Pillar Data Systems today made its move into solid-state drives (SSDs) by unveiling an SSD "brick" for its Axiom...
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Pillar's Axiom arrays are built using a combination of "brick" capacity nodes and "slammer" compute nodes that scale performance and capacity independently. The new SSD brick will contain 12 64 GB Intel Corp. X25-E Extreme SATA SSDs.
Customers must purchase 12 SSDs in a brick. Mike Workman, Pillar's CEO and president, said this is because Axiom arrays already offer up to 96 GB of cache. "To offer a single 32 GB or 64 GB hard drive would be a silly thing for us to do," he said.
Pillar won't divulge pricing and performance details about the SSD brick until closer to general availability in June.
"Our version will be a lot cheaper than our competition because of the product we chose and the way we architected it," Workman said. "But it's still a pretty serious cost."
Workman estimated that on a capacity basis, the SSDs will cost approximately 20 times as much as a Fibre Channel (FC) drive but, as other SSD vendors have pointed out, the cost per IOPS can work out to be substantially cheaper.
Workman said exact performance details are too dependent on variables in the environment, like block size, to give a one-size-fits-all number. "There's all this detailed crap" that goes into determining performance in any disk environment, he said. "And everyone has a different mix of read/write ratios."
With that preamble, Workman estimated that the SSD brick could offer a ballpark 20,000 IOPS. "That can vary up to two or two-and-a-half times, depending on the block size and read/write ratio," he added.
Pillar's quality of service (QoS) software, which allows users to select different performance profiles and priorities for applications attached to the array, will support Axiom's SSDs.
Jeff Janukowicz, research manager, hard disk drive components and solid-state disk drives at Framingham, Mass.-based IDC, said the software will be a differentiator for Pillar as vendors line up to offer SSDs. "Application-aware software like Pillar's will be key to helping SSDs reach broader adoption in the market," he said.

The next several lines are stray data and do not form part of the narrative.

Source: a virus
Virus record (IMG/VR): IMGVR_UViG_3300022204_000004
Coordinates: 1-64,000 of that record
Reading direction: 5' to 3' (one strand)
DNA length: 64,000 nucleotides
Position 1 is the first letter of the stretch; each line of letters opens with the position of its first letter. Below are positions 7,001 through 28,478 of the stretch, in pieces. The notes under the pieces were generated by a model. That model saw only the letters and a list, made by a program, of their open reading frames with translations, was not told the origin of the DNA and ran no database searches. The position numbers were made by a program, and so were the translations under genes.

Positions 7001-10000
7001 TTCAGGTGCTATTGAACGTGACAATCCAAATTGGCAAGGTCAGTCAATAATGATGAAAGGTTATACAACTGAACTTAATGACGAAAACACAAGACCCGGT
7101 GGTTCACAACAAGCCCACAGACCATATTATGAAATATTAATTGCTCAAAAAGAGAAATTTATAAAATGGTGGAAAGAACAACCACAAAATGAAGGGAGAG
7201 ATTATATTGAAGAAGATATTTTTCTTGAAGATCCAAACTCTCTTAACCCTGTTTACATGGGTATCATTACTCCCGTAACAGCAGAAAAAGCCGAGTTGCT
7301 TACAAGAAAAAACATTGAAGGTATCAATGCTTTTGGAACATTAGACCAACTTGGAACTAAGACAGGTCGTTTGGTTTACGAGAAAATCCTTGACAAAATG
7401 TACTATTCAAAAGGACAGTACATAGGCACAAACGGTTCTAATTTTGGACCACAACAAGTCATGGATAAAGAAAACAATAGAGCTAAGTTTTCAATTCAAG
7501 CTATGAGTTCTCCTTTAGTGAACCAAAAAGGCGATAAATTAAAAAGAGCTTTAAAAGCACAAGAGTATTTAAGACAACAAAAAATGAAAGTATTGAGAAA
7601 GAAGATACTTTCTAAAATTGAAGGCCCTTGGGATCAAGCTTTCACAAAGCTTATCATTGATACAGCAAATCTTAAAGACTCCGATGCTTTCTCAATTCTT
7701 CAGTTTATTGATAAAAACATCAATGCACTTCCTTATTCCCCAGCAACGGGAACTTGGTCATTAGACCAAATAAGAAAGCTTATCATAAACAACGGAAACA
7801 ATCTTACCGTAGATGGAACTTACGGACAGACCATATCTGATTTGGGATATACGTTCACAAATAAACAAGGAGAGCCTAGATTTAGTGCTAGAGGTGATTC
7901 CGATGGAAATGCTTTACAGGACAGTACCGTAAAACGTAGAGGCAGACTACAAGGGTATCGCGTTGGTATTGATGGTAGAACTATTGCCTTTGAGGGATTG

But Andrew Reichman, senior analyst at Cambridge, Mass.-based Forrester Research, countered that having different QoS profiles available in the array doesn't necessarily help customers decide what data is most appropriate for SSDs. It only gives them the ability to divide the array once that decision is made. (Pillar also offers storage resource management and audit services for users who need consultation in their environment.)
Reichman was also skeptical about the 12-drive minimum capacity in the SSD brick. "They've said their price-per-gigabyte cost is lower, but for users looking at a new technology, I wonder if having to buy 12 drives at a time for SSD will be too much," he said. "I think it would've been wise on their part to also offer a half-populated brick as a cheaper option."
Despite a cost-per-gigabyte premium over FC drives, storage vendors have lined up to support SSDs in arrays or as Flash as cache since EMC Corp. first put SSDs in its Symmetrix arrays in early 2008.
Pillar Data Systems' Workman spoke about the disadvantages of SSDs in the disk array long before Pillar added this support in Axiom, arguing that the disk array controller in front of an ultra-fast medium was a bottleneck. However, in December, Workman said that while he retains his earlier reservations about SSDs not being best utilized behind a network loop, the company would support them this year.
Speaking with SearchStorage.com last week, Workman said Pillar now "refuses to get into the argument of where SSD belongs" and the vendor has Flash as cache on its roadmap.